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The DIY Bouquet

Find your new summer hobby with a little bit of inspiration from the lovely Brick Dust & Glitter

In need of a new hobby? We have the gorgeous Emily from Brick Dust & Glitter here showing us how to make our very own bouquets.

As summer seems to be in full flow, I thought it would be a good idea to bring you some inspiration from the garden. But rather than talk about planters and picnics, I thought I would share a little “How to”.

Last year I decided that I was going to put more time into my garden. It was already a thriving space, but a bit mismatched.  However, I have a lovely side border that I have worked on for a few years and I am really receiving the fruits now. I have peonies blooming and beautiful English roses. Even my hydrangeas have full buds ready to come out in the next month. With all these filling my border I thought I would make a hedgerow bouquet. As we go along I can share a few florist’s tips I have learned over my time in our family flower shop!

I went out to my Mum’s for some extra blooms; her garden is very wild with bushes of different flowers all over. When it comes to working with garden flowers, the one thing that you need to be conscious of is that they will not last as long as shop bought ones. If you were preparing for an event or even making your own bridal bouquet, you really need to do it as close to the date as possible. Garden flowers can be incredibly delicate. Once cut, they can drop. Just something to think about!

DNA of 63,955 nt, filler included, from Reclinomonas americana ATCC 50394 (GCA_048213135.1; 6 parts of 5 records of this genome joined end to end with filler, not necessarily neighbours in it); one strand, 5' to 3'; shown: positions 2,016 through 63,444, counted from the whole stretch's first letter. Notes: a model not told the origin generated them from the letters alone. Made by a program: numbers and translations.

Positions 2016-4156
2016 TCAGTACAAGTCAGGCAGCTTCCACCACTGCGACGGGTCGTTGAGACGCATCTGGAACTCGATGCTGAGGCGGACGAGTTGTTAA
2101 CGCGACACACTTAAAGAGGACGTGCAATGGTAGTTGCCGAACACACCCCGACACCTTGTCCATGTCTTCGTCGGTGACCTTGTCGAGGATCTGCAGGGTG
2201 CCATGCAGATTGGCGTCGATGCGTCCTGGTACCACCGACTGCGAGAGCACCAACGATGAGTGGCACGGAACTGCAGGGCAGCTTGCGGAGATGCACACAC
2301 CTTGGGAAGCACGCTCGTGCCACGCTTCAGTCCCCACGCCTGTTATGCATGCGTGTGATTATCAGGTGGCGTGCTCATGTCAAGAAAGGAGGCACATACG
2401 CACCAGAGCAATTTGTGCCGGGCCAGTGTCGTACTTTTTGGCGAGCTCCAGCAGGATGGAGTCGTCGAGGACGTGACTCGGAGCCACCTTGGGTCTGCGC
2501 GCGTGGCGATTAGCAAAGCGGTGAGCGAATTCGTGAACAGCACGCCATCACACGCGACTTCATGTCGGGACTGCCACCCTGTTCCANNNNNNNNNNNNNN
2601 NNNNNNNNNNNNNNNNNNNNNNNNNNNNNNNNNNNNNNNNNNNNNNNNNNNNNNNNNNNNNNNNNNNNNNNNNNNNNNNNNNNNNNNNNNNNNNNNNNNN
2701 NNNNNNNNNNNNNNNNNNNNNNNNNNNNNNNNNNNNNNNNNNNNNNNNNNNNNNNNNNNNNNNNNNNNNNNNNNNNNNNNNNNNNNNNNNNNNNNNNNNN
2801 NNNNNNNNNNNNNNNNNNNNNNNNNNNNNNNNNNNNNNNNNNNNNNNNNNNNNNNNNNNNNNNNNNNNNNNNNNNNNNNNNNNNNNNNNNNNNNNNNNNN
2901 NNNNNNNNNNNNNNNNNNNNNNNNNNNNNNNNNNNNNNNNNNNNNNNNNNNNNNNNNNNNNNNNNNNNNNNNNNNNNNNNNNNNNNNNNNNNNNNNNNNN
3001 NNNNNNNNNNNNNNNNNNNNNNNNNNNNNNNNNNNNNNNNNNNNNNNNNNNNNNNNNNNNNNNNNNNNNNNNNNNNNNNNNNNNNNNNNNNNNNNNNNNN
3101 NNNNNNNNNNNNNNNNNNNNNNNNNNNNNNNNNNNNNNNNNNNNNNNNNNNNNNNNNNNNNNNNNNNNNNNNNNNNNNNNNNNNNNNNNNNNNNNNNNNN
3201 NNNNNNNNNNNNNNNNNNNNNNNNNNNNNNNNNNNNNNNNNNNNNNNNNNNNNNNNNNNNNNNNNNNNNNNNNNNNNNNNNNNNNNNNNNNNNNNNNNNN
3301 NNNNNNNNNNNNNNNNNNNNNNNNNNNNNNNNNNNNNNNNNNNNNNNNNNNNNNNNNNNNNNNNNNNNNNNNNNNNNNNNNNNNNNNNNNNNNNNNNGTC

I have made a hand-tied bouquet which would be perfect for a country bride, but could equally sit on a table and be used in the home. Prep work can be minimal. Make sure you have no leaves on the lower part of the stems; any part that would be in the water, for example, will leave mold and dirty your water very quickly.

Then starting with three strong and straight stems, collect them in your hand as this will be what you add all your other stems to; your starting point. I like to start with two bits of greenery and a flower. Then one stem at a time, add all your other blooms.

The key with adding in the flowers is that you place each stem across the one before, slightly diagonally. Then turn the whole bouquet an inch clockwise. The idea is to keep moving the bouquet around rather than standing stems straight next to each other like you would do if filling a vase.

I used a lot of my shorter stemmed flowers for putting in last, so these surround the bouquet almost. For me, it was a bunch of sweet peas but they sat so nicely around the edge and it was perfect. You could also use some trailing green around the edge to make a beautiful, “wild and free” effect.

Tie it off with some string. If it is big, wrap it around a few times, but be careful not to break the stems. Trim your stems straight across and leave enough stem for it to either sit in a vase or suit being carried in a more formal way. Then for me, I tied a bunch of ribbons individually around just to give some movement when holding it. I love how ribbons blow in a breeze!

And that is it! A garden picked hand-tied arrangement, perfect for filling a vase or even as a bridal or gift bouquet! Whilst playing with flowers I was wearing a classic striped tee paired with some fitted chinos.

We hope you enjoyed this post! Now you can get into your own garden and have a go at making some of your own arrangements, whether it be for your home or for someone’s special day! And if a green thumb is not for you, we have beautiful flower arrangements prepared and ready to display.

Have you made your own bouquet before? Let us know below or @LauraAshleyUSA. 

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